Monday, April 26, 2010


Or, how to ruin what had been labeled a potential dynasty.

You’ve probably already heard about Ryan Howard’s MAMMOTH contract extension for five years and $125 million. You may have even read some of the analysis that discusses just how crazy this contract is. Well, here are my two cents.

For starters, I just don’t understand why the Phillies are doing this now. Unless they have an economist on staff who is predicting that major league baseball salaries to spike, this is a bad deal now. According to FanGraph’s valuations, Howard has been worth just under $20 million per season over the last 4 years. Even if Howard maintains his current productivity, the Phillies will be paying a 25% premium for that production starting in 2012.

Of course, Ryan Howard won’t be able to maintain that level of production. Unlike some of the other players who have been locked up long term, Ryan Howard is already 30. The Phillies just committed $25 million per year until he’s 37 and baseball is typically not very kind to aging left handed sluggers. In fact, baseball is downright cruel to aging left handed sluggers. Ryan Howard’s top four comparable players coming into this season were Richie Sexson, Cecil Fielder, Mo Vaughn, and David Ortiz. If that list doesn’t make a Phillies fan’s blood run cold, I don’t know what would. Sexson was pretty good at 30 and 31, terrible by 32, and out of baseball after his year 33 season. Fielder was all right in his early 30’s, but was out of baseball following his age 34 season. Mo Vaughn is widely considered one of the biggest free agent busts in history, after signing an enormous deal with the Angels following his impressive age 30 season, Vaughn was mediocre, before missing his entire age 33 season and was out of baseball following a brief and ineffective appearance in his age 35 season. Sadly, David Ortiz’s struggles don’t really need much explanation. Every one of these players had sharp declines following their age 30 or 31 season. The Phillies have now committed money well beyond that.

To top it all off, the Phillies are an NL team, so they won’t be able to hide Howard at DH. They’re committed to trotting him out there every day until he is 37, or they eat enough of the guaranteed money on his contract to move him to a power starved AL team. He’s a tolerable defender at first right now, but given his size, I can’t imagine his defense holds up over the course of the contract.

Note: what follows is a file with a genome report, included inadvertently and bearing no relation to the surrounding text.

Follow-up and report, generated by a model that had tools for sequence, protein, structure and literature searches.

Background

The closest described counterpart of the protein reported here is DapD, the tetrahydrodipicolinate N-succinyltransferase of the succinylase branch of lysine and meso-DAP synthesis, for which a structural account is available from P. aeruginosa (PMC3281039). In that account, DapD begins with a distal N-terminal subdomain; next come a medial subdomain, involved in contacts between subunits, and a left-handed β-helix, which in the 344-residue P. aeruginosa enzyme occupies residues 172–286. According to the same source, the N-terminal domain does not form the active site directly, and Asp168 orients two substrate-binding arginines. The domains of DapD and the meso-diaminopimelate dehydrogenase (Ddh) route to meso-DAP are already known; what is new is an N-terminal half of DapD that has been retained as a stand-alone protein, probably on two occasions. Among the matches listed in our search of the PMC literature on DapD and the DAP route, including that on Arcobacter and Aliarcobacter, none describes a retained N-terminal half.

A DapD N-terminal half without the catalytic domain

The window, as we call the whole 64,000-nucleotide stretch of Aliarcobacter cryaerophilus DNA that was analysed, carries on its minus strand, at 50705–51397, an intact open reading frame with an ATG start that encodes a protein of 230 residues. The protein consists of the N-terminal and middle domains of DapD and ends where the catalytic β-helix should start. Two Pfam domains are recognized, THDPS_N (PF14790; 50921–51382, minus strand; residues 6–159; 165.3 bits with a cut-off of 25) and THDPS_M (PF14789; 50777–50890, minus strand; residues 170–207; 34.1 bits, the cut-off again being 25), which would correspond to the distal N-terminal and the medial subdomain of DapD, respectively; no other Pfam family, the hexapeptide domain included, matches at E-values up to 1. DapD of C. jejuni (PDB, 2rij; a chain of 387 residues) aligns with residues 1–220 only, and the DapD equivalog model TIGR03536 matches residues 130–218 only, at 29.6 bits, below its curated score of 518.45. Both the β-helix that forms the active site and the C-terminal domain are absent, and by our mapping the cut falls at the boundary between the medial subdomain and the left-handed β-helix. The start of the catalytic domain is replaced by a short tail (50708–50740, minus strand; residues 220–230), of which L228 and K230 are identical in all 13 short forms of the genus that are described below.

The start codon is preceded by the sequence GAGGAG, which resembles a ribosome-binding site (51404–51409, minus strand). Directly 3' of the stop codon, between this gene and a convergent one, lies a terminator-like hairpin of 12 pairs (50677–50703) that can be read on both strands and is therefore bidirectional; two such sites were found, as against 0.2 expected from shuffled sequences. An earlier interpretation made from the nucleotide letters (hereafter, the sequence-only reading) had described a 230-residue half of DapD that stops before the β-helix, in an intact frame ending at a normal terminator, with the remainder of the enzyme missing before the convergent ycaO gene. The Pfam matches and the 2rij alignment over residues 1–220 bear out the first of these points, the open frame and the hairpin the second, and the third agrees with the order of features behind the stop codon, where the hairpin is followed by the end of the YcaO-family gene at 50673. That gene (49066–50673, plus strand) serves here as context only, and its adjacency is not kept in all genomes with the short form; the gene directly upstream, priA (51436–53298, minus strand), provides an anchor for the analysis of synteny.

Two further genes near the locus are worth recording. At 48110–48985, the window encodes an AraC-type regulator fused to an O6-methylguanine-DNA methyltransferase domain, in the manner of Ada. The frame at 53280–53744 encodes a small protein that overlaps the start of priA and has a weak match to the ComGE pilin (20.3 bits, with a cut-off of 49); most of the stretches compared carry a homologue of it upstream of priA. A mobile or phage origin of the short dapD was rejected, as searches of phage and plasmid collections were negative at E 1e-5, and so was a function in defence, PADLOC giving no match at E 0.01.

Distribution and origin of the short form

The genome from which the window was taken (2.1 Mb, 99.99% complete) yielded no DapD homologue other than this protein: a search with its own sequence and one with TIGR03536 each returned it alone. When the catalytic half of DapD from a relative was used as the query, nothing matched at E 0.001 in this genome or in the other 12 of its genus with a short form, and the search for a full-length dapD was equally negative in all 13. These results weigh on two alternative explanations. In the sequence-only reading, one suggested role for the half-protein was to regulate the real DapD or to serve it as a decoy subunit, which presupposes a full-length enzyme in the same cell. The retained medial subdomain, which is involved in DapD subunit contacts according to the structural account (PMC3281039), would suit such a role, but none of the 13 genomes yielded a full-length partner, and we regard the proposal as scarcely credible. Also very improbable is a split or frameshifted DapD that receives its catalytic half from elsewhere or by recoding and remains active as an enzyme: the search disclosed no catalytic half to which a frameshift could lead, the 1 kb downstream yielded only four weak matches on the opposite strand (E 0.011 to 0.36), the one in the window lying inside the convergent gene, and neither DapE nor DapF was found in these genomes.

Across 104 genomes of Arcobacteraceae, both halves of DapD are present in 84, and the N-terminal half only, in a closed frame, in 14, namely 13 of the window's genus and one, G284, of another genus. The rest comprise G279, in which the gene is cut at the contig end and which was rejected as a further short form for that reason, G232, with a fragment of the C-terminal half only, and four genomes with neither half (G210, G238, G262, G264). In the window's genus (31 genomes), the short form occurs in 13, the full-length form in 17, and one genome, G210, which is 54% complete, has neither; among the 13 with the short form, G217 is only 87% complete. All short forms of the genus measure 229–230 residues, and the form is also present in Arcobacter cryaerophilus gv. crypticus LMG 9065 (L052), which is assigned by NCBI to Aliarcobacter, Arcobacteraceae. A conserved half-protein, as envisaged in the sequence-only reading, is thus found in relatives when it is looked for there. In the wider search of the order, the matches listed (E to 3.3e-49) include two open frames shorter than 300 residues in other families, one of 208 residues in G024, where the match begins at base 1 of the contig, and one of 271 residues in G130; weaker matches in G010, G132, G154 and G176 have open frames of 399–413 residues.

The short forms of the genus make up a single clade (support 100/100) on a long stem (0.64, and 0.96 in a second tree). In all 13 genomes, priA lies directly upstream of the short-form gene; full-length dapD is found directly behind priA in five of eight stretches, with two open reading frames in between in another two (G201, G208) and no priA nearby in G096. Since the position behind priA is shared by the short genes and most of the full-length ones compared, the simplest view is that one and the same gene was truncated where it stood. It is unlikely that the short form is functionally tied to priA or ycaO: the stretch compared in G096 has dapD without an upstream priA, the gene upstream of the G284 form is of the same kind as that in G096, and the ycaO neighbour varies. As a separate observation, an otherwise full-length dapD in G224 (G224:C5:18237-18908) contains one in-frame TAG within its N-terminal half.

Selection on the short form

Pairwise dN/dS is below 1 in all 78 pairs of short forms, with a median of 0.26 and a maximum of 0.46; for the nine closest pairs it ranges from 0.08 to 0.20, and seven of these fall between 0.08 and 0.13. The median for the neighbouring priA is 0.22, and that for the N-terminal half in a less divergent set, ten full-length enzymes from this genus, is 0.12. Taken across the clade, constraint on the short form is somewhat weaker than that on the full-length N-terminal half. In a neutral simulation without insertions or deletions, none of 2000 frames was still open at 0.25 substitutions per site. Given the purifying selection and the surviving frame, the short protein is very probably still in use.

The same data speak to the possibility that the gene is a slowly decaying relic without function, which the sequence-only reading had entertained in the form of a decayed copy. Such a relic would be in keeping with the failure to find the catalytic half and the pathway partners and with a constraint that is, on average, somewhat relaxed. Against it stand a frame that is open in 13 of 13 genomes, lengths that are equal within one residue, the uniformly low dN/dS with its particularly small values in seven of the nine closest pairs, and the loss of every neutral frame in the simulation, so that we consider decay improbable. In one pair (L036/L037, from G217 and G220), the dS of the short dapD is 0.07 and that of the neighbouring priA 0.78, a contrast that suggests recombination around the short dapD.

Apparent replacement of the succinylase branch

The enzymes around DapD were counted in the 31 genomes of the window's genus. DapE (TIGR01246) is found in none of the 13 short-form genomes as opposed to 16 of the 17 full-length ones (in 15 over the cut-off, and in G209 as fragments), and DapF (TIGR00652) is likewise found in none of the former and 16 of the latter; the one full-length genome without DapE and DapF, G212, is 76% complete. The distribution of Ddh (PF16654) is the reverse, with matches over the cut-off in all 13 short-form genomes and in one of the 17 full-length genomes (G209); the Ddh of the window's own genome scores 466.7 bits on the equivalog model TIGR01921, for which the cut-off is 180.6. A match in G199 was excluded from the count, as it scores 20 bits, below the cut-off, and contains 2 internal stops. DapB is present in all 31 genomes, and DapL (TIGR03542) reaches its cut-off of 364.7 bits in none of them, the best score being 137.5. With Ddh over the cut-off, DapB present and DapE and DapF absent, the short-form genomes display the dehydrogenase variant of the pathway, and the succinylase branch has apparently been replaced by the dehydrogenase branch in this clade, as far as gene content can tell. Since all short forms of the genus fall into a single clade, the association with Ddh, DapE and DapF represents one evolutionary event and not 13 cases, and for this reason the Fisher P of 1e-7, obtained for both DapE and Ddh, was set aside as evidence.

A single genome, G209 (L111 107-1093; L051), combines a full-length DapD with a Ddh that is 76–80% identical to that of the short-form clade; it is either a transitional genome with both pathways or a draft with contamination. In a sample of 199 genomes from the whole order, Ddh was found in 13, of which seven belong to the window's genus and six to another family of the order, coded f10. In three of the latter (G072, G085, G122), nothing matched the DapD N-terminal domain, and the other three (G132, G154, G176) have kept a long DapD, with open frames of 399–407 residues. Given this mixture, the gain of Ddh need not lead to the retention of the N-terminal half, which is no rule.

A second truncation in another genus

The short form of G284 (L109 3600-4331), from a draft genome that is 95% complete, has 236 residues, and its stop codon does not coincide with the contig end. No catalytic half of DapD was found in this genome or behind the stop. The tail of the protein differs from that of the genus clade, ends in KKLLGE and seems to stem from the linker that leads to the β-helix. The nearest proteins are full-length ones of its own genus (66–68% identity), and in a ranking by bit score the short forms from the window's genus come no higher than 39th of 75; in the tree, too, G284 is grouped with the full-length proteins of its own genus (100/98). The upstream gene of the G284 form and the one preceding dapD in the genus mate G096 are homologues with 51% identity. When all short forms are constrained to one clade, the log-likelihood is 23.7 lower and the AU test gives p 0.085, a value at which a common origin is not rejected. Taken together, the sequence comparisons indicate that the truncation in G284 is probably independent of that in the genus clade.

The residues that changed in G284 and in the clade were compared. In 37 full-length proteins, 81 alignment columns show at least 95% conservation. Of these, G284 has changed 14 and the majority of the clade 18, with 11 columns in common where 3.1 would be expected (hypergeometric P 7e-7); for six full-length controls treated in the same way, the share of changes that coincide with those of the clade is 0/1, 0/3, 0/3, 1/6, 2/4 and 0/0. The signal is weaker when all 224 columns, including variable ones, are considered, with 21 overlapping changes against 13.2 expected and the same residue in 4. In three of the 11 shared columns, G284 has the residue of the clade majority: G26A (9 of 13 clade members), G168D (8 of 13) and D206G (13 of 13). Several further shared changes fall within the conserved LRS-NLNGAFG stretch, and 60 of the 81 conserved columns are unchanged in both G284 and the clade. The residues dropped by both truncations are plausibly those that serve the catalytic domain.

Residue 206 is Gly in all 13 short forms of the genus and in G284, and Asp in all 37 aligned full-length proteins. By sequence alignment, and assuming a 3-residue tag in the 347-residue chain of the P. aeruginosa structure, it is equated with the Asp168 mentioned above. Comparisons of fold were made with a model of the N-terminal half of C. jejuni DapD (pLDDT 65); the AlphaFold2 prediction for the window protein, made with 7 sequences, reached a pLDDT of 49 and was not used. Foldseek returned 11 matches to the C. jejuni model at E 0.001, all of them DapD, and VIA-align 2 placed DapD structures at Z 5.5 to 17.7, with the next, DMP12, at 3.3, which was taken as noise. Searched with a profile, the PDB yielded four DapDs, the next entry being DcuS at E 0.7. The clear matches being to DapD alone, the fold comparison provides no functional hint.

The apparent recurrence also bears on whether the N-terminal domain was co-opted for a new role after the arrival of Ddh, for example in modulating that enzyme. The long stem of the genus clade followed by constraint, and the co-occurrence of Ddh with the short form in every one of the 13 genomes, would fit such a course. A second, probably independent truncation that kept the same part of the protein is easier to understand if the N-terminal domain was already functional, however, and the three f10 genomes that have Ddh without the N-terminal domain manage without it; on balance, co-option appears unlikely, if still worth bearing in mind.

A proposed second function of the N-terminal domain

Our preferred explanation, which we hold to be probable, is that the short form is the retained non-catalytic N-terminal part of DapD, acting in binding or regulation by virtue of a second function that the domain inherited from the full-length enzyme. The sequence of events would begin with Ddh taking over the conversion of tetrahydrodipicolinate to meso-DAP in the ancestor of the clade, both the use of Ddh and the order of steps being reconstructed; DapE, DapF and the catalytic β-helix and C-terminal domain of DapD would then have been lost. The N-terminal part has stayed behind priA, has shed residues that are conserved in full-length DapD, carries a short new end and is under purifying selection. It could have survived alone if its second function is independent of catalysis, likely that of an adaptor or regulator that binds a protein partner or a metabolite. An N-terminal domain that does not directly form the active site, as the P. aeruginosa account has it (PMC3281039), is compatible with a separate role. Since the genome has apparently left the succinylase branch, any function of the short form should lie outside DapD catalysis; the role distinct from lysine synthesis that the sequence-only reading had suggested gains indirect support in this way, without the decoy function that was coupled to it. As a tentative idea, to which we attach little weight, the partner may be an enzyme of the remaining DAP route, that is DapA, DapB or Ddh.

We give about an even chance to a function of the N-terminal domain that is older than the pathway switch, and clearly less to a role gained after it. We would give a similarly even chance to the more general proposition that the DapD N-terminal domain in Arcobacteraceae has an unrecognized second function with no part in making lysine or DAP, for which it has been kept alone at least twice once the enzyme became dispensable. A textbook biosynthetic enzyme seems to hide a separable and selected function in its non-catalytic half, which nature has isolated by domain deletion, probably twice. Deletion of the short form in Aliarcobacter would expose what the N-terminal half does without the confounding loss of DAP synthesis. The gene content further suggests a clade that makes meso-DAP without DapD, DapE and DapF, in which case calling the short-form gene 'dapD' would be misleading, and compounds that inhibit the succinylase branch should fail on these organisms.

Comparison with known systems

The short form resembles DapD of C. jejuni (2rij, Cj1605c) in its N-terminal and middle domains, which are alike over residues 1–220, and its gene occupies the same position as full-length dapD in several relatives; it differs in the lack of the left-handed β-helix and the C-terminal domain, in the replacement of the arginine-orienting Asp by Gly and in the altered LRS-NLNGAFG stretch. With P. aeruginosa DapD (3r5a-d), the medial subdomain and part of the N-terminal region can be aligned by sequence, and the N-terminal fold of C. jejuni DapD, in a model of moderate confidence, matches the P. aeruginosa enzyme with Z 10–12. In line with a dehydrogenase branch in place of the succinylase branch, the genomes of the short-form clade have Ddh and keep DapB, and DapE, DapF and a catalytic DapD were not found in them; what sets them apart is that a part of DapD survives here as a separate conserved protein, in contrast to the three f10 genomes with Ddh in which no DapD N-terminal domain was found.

The sad thing is that the Phillies were positioned perfectly to avoid this whole mess. Sexson and Vaughn ended up being tremendous busts, but their original teams knew when to pull the plug. The Red Sox and the Diamondbacks both let their star first basemen walk, even though neither team had a star prospect moving up to fill the role. In fact, what makes it even more depressing is that the Phillies went through all this when they traded Jim Thome to the White Sox following the 2005 season. For the mere cost of Thome and $22 million (about half the money left on his contract) the Phillies received Aaron Rowand, who put in two solid, relatively inexpensive (if you don’t hold the $22 million against him) years in center field, before moving west to become a free agent bust in his own right.

So, if you’ve skipped ahead to the end for a Cliff’s Notes summary, this is a terrible, terrible deal for the Phillies because:

  1. Howard is already pretty old (30)
  2. Howard was already under contract for next season, so there wasn’t any reason to rush this.
  3. Howard is likely going to be overpaid in year 1 of his new contract extension.
  4. The baseball gods hate large, unathletic, left-handed sluggers.
  5. Howard’s mediocre defense can’t be hidden in the NL.
  6. And finally, perhaps most depressingly, they’ve learned nothing from their own mistakes and mistakes of other teams within the last ten years.

By all accounts Howard is an exceptional person and a pretty damn good ballplayer right now, but there is no doubt in my mind that this contract bites the Phillies in the ass down the line. The Red Sox are in a tough situation with David Ortiz right now, a former face of the franchise, but imagine if the Red Sox owed him $25 million a year for another 3 years AND he had to play the field. It would not end well.


  1. One thing to note, it that while this is likely an overpay, most of those players who declined rapidly were pull hitters, and Howard's power is more to the opposite field. I can't remember where I read it (and it was just today, too), but someone found that hitters with more opposite field power held up better.

  2. Aha! BP article- here's the bit I was talking about "What you should notice is that, for the most part, the players who aged better were the ones who hit more home runs to the opposite field. On the other hand, pull-happy hitters like Fielder and Jose Canseco (who was on last year’s list of Howard comparables) fell apart more quickly. Howard’s batted-ball profile actually looks a lot like Thome’s. That is a good sign, as Thome continued to rack up four- and five-win seasons through most of his mid-30s. If this is what happens to Howard, the deal will look like a major success." (sub required)

  3. That BP article was pretty interesting, although it assumes an awful lot of inflation for top players, which I'm just not convinced is going to happen. I still think the Phillies massively over paid, hell, they're paying Howard more money than the younger and better Joe Mauer. At BEST I think they break even. When you're talking about a $125 million commitment I don't think the best possible outcome you're looking for is "Maybe this won't hamstring us by 2013."